Our services are centred around intellectual property that can be registered. We protect innovation, design, and branding across all sectors of industry, and at all stages in the supply chain.

For each IP right we offer services covering strategic advice, pre-registration searches, registrations and renewals, oppositions and dispute resolution. We handle work throughout the world, working with local colleagues in over 100 countries.


Our attorneys specialise in one or more sectors of industry, which enables them to provide quality advice with a commercial focus.

Our patent specialists have detailed understanding of the background technology, which ensures that your patent applications are prepared with the correct scope, reducing the likelihood of challenges from third parties and objections from the patent office.

They also advise whether other forms of protection would be more appropriate. Our brand specialists work with brand managers for leading brands and their advice is commercially focussed making sure that you get the best value from your budget.

Orange is not the only book, old fruit…


Many of us are familiar with the Orange Book, the US Food and Drug Administration (FDA) publication of information on approved small-molecule drug products, and therapeutic equivalence information. The Orange Book also sets out details of patents which are purported to cover each approved drug.

The Orange Book stems from the Drug Price Competition and Patent Restoration Act (known as “Hatch-Waxman Act”), which was designed to reduce the cost of prescription drugs, while balancing the interests of so-called “innovator” drug companies (who market branded products) and their competition, the generic drug manufacturers. The listing of patents in the Orange Book is important, because a listed patent may prevent (or delay) approval for a generic version of a drug, for example until patent expiry, or until it can be shown that the patent is invalid or does not cover the generic product.

The Orange Book covers small-molecule drug products. Increasingly, there is development of medicinal products which are produced in or extracted from biological sources such as living cells. These biological products are also known as biopharmaceuticals or biologics, and are generally very much larger than small-molecule drug products – examples include vaccines, and recombinant proteins such as EPO.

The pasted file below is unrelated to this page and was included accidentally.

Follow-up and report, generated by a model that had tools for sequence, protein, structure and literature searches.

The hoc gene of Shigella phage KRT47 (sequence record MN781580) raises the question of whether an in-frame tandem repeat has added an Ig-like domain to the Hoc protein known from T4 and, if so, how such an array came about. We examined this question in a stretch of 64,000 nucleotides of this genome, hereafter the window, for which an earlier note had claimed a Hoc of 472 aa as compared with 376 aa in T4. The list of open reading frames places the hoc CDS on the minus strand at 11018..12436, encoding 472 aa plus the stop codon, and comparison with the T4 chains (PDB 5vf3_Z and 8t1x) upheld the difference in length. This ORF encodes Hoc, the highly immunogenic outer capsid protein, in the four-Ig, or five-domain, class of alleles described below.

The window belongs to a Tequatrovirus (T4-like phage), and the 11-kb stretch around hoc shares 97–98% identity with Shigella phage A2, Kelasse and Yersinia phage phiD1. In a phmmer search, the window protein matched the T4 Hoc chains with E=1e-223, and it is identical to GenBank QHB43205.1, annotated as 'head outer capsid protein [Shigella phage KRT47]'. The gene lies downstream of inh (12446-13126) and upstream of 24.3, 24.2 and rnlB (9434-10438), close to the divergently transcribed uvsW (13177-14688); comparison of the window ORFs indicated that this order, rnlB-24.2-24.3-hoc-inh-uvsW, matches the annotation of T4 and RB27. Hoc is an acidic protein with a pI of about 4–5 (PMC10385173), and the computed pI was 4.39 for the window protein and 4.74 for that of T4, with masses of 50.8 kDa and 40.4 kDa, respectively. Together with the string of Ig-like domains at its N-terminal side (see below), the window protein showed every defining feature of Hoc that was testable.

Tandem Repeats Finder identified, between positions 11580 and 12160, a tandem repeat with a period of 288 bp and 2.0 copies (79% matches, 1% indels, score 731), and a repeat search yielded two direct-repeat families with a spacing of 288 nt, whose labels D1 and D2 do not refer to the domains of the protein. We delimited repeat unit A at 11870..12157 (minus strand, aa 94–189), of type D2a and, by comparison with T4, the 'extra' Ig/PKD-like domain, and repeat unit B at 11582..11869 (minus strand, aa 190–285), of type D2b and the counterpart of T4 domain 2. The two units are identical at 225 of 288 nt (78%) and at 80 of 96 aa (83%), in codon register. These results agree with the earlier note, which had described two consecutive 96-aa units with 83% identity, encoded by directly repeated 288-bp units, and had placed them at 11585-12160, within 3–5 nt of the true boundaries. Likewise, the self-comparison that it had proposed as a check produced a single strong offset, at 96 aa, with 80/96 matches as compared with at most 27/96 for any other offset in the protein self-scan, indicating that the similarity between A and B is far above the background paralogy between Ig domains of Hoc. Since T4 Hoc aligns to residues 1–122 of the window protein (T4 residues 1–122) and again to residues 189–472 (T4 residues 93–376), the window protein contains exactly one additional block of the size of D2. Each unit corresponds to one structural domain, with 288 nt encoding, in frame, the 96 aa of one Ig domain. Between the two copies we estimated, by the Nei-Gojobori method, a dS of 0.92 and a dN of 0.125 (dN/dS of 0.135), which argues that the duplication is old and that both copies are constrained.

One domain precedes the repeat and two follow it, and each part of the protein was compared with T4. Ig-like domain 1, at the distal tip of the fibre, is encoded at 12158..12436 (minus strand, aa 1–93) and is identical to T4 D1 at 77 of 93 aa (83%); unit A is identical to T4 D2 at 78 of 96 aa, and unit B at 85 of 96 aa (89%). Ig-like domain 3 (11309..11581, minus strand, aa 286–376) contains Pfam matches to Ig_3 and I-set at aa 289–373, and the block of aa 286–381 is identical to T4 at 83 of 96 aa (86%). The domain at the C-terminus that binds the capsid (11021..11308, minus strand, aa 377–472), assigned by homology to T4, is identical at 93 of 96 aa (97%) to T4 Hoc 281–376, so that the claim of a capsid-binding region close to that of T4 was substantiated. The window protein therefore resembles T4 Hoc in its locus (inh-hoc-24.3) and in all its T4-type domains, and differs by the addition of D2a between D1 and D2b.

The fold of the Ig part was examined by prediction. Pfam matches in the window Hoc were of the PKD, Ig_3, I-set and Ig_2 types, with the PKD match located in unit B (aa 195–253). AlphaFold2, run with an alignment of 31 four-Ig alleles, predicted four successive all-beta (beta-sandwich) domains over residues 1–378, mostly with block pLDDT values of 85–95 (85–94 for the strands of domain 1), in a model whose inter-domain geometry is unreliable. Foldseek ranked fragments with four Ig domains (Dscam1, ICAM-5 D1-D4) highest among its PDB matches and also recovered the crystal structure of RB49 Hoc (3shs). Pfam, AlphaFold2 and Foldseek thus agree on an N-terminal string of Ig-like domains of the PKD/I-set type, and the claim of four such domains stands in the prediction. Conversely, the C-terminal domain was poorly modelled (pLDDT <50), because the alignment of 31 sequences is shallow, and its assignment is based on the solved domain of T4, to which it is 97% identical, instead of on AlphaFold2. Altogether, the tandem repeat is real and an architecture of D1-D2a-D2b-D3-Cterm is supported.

The Patient Protection and Affordable Care Act of 2010 – Obamacare – included the Biologics Price Competition and Innovation Act, which provides a mechanism for marketing authorisation for a generic equivalent of a biologic. These generic equivalents of biologics are sometimes known as biosimilars, and it is expected that the first biosimilars will be approved next year.

The FDA has recently announced creation of the Purple Book, which will list all approved FDA biological products, including biosimilars and interchangeable biological products (when approved). The Purple Book listing should include details of whether any biologic has been designated by the FDA to be a biosimilar or interchangeable with a reference product (that is, an already-licensed FDA biological product), which may enable a doctor or pharmacy to prescribe/issue a more affordable equivalent. The Purple Book listing will include the date a biological product was licensed and whether FDA evaluated the biological product for reference product exclusivity.

A link to the purple book can be found here.

There are two lists that make up the Purple Book, which are understood to be one for biologics approved by the drug division of the FDA and the other for biologics approved by the biologics division of the FDA. The lists will be updated periodically.

The Purple Book does not include a listing of patents for approved biologics, and it is believed that the FDA do not plan to include such information. This is because no patent information is supplied to the FDA as part of a biologic approval. The absence of patent information means that while the Purple Book will enable monitoring of approval of biosimilars, it will not be able to provide full guidance as to when a competitor may enter the market, for example.

This article is for general information only. Its content is not a statement of the law on any subject and does not constitute advice. Please contact Reddie & Grose LLP for advice before taking before any action in reliance on it.

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